4. Soft fruits

Blackcurrants, strawberries, kiwis, and cherries are all excellent cources of vitamin C. Eating one kiwi will give you 64mg of the vitamin (71% or NRV) while half a cup of fresh strawberries is loaded with 49mg (54% of NRV) [1].

5. Potatoes

If you thought potatoes were merely a starchy food to eat with with delicious toppings, think again. Potatoes are a decent source of vitamin C, with one medium sized baked potato offering 17mg (19% or NRV) [1].

How much vitamin C do you need per day?

How much vitamin C you need per day is simple. Anyone over the age of 15 needs 40mg of vitamin C every day. Children aged 1-10 need 30mg per day, while those between 10 and 14 need 35mg [10]. The NRV remains the same for pregnant women.

Vitamin C deficiency

At its worst, vitamin C deficiency will lead to scurvy. Initial symptoms include fatigue, feelings of unease, and inflammation of the gums [1]. Maintain a vitamin C-deficient diet over time and you may begin to notice changes to your skin. You may notice bruising, discolouration, or poor wound healing. Your skin may begin to thicken and your hair follicles can bleed. Other symptoms include bleeding gums, iron deficiency, and depression, and, left untreated, vitamin C deficiency can ultimately lead to death [1].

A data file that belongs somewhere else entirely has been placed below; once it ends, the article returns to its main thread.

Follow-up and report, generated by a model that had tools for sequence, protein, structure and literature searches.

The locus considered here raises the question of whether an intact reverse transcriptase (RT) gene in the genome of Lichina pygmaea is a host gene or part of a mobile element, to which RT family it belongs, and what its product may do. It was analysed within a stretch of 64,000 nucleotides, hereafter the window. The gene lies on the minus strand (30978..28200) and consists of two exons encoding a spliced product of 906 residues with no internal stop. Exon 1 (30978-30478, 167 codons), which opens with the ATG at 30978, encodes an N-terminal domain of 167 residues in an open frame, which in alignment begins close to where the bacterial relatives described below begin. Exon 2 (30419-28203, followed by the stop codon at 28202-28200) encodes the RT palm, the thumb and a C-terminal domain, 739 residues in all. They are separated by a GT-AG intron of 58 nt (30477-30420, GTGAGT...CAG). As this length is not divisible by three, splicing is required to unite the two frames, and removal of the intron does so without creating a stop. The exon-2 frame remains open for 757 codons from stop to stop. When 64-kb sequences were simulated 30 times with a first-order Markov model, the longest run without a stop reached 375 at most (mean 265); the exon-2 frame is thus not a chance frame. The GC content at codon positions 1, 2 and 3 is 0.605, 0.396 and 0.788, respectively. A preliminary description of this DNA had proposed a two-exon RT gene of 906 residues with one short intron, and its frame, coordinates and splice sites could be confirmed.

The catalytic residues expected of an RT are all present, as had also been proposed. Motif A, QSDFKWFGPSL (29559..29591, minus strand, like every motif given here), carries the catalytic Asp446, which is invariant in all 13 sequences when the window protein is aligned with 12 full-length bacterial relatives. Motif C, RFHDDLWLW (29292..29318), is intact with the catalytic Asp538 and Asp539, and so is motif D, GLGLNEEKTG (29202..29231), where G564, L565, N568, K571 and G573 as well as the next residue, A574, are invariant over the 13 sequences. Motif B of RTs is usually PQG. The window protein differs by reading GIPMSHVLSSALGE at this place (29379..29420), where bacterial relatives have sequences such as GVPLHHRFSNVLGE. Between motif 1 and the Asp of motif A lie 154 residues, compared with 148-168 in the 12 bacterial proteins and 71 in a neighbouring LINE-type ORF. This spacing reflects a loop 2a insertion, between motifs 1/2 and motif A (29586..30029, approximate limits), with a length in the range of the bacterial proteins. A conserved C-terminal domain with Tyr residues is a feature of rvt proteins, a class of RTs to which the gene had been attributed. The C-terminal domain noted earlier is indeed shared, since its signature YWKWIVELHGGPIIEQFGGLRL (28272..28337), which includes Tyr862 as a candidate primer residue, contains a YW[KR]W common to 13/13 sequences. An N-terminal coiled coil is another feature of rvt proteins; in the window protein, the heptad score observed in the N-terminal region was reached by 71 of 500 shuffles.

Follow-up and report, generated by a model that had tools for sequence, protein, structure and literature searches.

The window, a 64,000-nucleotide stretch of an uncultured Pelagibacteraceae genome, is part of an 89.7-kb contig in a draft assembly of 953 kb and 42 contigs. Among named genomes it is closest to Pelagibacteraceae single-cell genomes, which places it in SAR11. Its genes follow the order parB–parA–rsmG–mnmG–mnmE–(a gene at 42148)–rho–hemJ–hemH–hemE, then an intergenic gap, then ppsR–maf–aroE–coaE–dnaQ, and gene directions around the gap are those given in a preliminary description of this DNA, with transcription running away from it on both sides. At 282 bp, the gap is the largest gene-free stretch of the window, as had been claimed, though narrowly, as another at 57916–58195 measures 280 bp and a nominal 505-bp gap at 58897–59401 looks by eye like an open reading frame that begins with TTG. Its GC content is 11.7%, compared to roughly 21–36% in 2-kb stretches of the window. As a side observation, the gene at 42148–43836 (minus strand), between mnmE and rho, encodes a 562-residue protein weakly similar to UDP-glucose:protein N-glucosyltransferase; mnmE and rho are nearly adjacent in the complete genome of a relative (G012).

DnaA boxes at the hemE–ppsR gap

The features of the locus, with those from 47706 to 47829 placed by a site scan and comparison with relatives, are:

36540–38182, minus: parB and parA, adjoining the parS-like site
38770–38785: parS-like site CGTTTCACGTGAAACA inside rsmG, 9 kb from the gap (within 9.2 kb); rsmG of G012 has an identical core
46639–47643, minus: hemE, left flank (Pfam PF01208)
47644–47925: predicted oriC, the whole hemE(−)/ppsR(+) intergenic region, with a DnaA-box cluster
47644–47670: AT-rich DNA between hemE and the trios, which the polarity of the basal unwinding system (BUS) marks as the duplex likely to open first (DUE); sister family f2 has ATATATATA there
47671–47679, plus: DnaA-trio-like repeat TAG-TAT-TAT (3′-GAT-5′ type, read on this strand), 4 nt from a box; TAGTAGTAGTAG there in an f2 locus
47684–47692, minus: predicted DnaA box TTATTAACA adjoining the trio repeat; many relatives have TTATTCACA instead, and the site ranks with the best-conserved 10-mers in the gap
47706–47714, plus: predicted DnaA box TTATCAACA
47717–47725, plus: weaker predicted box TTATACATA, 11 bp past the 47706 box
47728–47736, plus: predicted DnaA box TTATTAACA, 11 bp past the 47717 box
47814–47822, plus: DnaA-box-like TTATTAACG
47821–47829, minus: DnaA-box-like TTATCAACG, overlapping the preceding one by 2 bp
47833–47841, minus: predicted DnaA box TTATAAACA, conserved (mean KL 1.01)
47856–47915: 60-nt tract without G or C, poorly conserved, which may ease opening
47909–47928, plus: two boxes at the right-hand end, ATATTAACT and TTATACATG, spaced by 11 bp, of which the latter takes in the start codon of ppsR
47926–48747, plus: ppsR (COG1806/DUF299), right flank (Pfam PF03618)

Vitamin C supplements

If you’re following a healthy diet you should be able to absorb enough vitamin C from your food. However, smokers, drug addicts, and those suffering from malabsorbtion due to illness are at increased risk of suffering a deficiency. In such cases, supplementation may be recommended.

Vitamin supplementation should always be done on the advice of a qualified health professional. For vitamin C deficiency, it is recommended to take 100-250mg once or twice a day for several days [11].